It is widely accepted that free ruminal LPS concentrations increase after grain engorgement, especially during experimentally-induced SARA. In an in vitro fermentation study, Nagaraja et al. [3] found a greater decrease in ruminal pH but a greater increase in free ruminal endotoxin with corn as the substrate than with alfalfa. They also found feeding grain to cows not adapted to grain resulted in higher free ruminal endotoxin, and the endotoxin concentration in the rumen increased by 15 to 18 times within 12 hours after SARA was induced by feeding grain. In the study of Khafipour et al. [4], replacing 21% of the dry matter (DM) of the control diet with a forage to concentrate ratio (F:C) of 50:50 with pellets containing 50% ground wheat and 50% ground barley resulted in grain-based SARA, which exhibited a rise of free rumen LPS concentrations from 28,184 to 107,152 endotoxin units (EU)/mL. Gozho et al. [5] induced SARA in dairy cows by replacing 25% (DM basis) of the total mixed ration containing 44% concentrate with a concentrate made of 50% wheat and 50% barley. In their study, inducing SARA increased free ruminal LPS concentration from 24,547 to 128,825 EU/mL. A study by Emmanuel et al. [6] showed ruminal LPS content increased in dairy cows receiving 30% or 40% barley grain (5,021 and 8,870 ng/mL, respectively) compared with those fed no grain or 15% barley grain (654 and 790 ng/mL, respectively). When dairy cows were fed a control diet containing 70% of forage and 30% mixed concentrates (DM basis), a high grain diet (38% wheat-barley pellets, 32% mixed concentrates, and 30% of forages), or a diet containing alfalfa pellets (45% of mixed concentrates, 32% of alfalfa pellets, and 23% of other forages), the ruminal LPS concentrations were 8,333, 124,566, and 18,425 EU/mL, respectively [7]. Andersen et al. [8] reported free ruminal LPS concentration in non-lactating cows fed with hay was only 118 to 148 EU/mL, whereas increasing concentrate feeding resulted in a free ruminal LPS concentration of 1,600 EU/mL. According to Gozho et al. [9], when beef cattle were fed diets with different F:C (100:0, 79:21, 59:41, 39:61, and 24:76), free ruminal LPS concentrations increased curvilinearly when the proportions of concentrate in the diet increased. They also found the following relationship between dietary concentrate proportion (x, %) and ruminal LPS concentration (y, log10 EU/mL): y = 0.00009x2+ 0.0023x + 3.8071 (R2= 0.99).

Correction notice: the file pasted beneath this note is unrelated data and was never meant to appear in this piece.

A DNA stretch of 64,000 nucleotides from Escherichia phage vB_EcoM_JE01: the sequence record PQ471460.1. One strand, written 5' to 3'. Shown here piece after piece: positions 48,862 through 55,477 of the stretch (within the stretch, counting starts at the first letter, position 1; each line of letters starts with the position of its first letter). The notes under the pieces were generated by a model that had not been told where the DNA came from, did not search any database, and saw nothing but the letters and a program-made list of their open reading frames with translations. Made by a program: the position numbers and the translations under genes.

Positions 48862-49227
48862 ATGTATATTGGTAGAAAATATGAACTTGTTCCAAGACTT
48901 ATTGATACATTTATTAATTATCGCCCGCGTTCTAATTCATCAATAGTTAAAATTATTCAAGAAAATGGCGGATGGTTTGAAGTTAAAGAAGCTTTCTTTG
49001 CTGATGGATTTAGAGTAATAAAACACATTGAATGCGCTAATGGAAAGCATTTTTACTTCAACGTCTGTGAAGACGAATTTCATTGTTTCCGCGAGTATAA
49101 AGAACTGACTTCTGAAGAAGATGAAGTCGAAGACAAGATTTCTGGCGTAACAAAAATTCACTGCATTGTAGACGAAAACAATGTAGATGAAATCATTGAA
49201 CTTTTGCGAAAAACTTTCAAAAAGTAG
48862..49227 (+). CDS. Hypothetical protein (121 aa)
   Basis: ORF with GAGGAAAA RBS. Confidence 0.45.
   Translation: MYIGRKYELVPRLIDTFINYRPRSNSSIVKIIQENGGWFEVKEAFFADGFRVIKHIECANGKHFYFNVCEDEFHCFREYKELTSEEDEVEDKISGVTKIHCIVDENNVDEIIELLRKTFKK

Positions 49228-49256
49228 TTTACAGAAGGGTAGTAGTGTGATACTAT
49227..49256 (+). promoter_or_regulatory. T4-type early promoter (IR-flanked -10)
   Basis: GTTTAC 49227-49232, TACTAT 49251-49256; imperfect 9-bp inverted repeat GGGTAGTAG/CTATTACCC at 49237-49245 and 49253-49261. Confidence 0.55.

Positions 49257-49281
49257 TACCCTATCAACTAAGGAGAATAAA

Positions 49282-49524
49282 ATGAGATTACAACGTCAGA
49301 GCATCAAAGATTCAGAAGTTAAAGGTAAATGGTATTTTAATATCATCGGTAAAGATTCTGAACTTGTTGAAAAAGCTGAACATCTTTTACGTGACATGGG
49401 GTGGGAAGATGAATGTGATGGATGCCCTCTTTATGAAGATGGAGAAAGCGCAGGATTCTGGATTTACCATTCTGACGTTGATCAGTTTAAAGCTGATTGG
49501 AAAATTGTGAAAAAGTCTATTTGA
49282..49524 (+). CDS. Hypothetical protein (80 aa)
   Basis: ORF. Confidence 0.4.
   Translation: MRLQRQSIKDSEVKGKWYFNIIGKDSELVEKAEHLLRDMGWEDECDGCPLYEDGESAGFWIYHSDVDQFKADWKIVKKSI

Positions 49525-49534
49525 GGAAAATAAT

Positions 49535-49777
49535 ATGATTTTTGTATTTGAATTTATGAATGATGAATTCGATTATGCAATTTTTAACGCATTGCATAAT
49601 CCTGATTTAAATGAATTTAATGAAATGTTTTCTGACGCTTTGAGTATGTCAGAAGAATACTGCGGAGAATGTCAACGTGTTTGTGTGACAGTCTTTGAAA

LPS is the component of cell wall of Gram-negative bacteria that are predominant bacterial group in the rumen. A decline in ruminal pH during SARA causes death and cell lysis of Gram-negative bacteria, resulting in an increase in free ruminal LPS concentration [13]. However, rapid growth of Gram-negative bacteria can also result in the shedding of LPS in the rumen [1, 10]. LPS released during growth of bacteria may account for as much as 60% of that released in the rumen [11]. During rapid growth, autolytic enzymes are required to help cells expand and grow. However, excessive autolytic activity can lead to bacterial cell apopotosis and lysis. It was reported that the autolysis of Fibrobacter succinogen during rapid growth was 10 times higher than that during the stationary phase [12]. It is possible that a certain range of ruminal pH after grain engorgement is conducive to bacteria rapid growth, which leads to an increase in free ruminal LPS concentration. It was shown that high-grain diets which were normally associated with SARA resulted in much higher numbers of E. coli, a Gram-negative bacterium, in the rumen [13]. The results of a study by Khafipour et al. [14] showed that the abundance of E. coli in the rumen was highly correlated with the severity of SARA and the degree of inflammation, and E. coli were a major contributor to the rumen LPS pool. According to Nagaraja and Titgemeyer [1], provision of additional grain in the diet could trigger rapid growth of starch/sugar fermenting Gram-negative bacteria, such as Prevotella spp., Ruminobacter amylophilus, Succinimonas amylolytica, and Succinivibrio dextrinosolvens. It is suggested that the increased shedding of LPS during the early hours postfeeding is due to rapid growth of Gram-negative bacteria, and the later release of LPS is because of bacterial cell lysis as a result of the lower pH in the rumen.